March 17, 2022
Two-thirds of UK employees (66 percent) feel that work life balance is crucial in their decision to apply for a job, yet a third (31 percent) do not currently achieve it, according to new research from Lenovo and Cebr. With over 2,000 UK employees surveyed, Lenovo’s “Future of You” report claims to shed light on the priorities for workers, tracking how these have changed in recent years as well as looking ahead to the future. It found that the offer of remote work is important to over half (54 percent) of workers today, compared to one-fifth (21 percent) ten years ago. Of those who are not currently offered remote work, most (83 percent) feel that their employer is not on track to deliver this in the next two years.
The importance of work-life balance has risen sharply. It was ranked as the eighth most important characteristic for workers ten years ago. It is now the most important factor for employees (95 percent). This is closely followed by job security (94 percent). Salary is naturally also a huge focus point for employees but nearly half (41 percent) do not perceive their salary to be competitive.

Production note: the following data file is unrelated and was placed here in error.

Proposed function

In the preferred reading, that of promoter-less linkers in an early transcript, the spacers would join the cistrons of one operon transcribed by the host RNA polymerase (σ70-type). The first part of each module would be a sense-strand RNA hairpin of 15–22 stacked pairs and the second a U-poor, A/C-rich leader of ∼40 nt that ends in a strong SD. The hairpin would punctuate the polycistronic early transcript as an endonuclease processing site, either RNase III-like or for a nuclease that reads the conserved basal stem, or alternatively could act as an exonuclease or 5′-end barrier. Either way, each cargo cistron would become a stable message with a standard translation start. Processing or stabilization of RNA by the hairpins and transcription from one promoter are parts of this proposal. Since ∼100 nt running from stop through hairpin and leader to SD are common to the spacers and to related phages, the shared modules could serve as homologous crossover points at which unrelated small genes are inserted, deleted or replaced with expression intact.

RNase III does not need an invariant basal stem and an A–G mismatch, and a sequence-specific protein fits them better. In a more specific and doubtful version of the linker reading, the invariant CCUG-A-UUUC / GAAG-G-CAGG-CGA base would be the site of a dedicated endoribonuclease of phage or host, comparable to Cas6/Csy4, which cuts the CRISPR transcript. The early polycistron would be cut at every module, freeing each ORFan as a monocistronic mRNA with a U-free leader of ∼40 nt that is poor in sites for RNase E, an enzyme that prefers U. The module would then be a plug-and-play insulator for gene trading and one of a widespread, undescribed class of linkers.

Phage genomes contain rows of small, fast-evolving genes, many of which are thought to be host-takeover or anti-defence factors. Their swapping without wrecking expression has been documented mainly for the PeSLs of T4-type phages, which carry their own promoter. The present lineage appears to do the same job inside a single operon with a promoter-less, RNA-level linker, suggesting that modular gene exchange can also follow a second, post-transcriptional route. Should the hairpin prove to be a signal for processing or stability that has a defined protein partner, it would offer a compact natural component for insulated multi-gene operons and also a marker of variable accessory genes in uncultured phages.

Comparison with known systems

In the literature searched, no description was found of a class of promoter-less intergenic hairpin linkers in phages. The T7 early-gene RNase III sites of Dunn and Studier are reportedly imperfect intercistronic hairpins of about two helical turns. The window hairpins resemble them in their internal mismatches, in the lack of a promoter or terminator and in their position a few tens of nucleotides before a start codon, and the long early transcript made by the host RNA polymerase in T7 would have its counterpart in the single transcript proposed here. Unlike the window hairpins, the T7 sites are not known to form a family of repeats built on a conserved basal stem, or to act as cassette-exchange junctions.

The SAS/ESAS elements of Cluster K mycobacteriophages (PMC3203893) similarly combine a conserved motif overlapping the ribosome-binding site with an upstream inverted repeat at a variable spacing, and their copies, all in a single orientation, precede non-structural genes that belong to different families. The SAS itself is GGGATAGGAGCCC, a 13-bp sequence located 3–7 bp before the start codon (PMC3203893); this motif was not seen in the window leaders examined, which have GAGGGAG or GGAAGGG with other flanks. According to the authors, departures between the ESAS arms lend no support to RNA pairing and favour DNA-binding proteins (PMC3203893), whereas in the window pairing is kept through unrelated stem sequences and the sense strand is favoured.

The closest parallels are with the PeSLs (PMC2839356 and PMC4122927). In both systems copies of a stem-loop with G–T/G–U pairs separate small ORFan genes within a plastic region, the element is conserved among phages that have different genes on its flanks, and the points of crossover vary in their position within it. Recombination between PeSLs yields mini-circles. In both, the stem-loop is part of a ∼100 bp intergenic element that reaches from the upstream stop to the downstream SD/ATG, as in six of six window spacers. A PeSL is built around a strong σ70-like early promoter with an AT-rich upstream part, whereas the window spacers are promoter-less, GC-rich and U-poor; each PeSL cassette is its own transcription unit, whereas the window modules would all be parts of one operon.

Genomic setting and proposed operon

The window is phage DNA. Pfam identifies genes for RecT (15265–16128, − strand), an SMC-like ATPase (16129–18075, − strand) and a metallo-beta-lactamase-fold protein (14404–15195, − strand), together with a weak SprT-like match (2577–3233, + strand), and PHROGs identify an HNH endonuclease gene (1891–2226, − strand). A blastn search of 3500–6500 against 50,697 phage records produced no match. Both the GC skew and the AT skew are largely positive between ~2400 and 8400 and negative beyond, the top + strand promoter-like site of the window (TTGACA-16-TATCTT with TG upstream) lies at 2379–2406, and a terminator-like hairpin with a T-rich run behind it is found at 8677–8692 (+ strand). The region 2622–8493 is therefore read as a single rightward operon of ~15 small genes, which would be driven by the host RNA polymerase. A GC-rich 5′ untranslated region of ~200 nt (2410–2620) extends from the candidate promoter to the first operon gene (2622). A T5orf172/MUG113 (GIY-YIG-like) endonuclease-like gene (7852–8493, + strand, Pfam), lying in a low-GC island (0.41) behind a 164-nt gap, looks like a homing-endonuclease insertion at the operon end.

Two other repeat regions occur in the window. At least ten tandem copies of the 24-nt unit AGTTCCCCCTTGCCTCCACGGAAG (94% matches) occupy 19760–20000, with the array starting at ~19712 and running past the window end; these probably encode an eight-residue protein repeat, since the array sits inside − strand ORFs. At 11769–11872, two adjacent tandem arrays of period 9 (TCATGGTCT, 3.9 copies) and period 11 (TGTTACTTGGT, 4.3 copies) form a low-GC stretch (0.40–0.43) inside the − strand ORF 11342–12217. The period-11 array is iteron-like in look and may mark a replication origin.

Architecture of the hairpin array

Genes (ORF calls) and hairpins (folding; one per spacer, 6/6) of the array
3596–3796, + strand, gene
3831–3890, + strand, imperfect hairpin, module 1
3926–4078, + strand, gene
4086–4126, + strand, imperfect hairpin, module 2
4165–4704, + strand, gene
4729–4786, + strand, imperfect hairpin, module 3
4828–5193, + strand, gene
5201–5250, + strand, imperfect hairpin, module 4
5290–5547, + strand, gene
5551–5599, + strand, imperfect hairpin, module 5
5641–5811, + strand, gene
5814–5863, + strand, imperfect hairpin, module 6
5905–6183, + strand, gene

Employees are also increasingly interested in purpose as well as profit. Working for a firm that places a focus on environmental sustainability has doubled in importance from ten years ago (27 percent) to today (54 percent). Employees also want to work for an organisation that has a focus on supporting mental health. Ten years ago, this was important to a third (30 percent) of employees compared to nearly two-thirds (62 percent) today.
While career progression is important across the board, there is a clear generational divide. Most Gen Z workers (90 percent) find career progression important, compared to over half of older workers (60 percent). Expected career paths also vary between generations. Baby boomers expected to work for their first employer for 12 years when kicking off their careers, compared to just three years for Gen Z.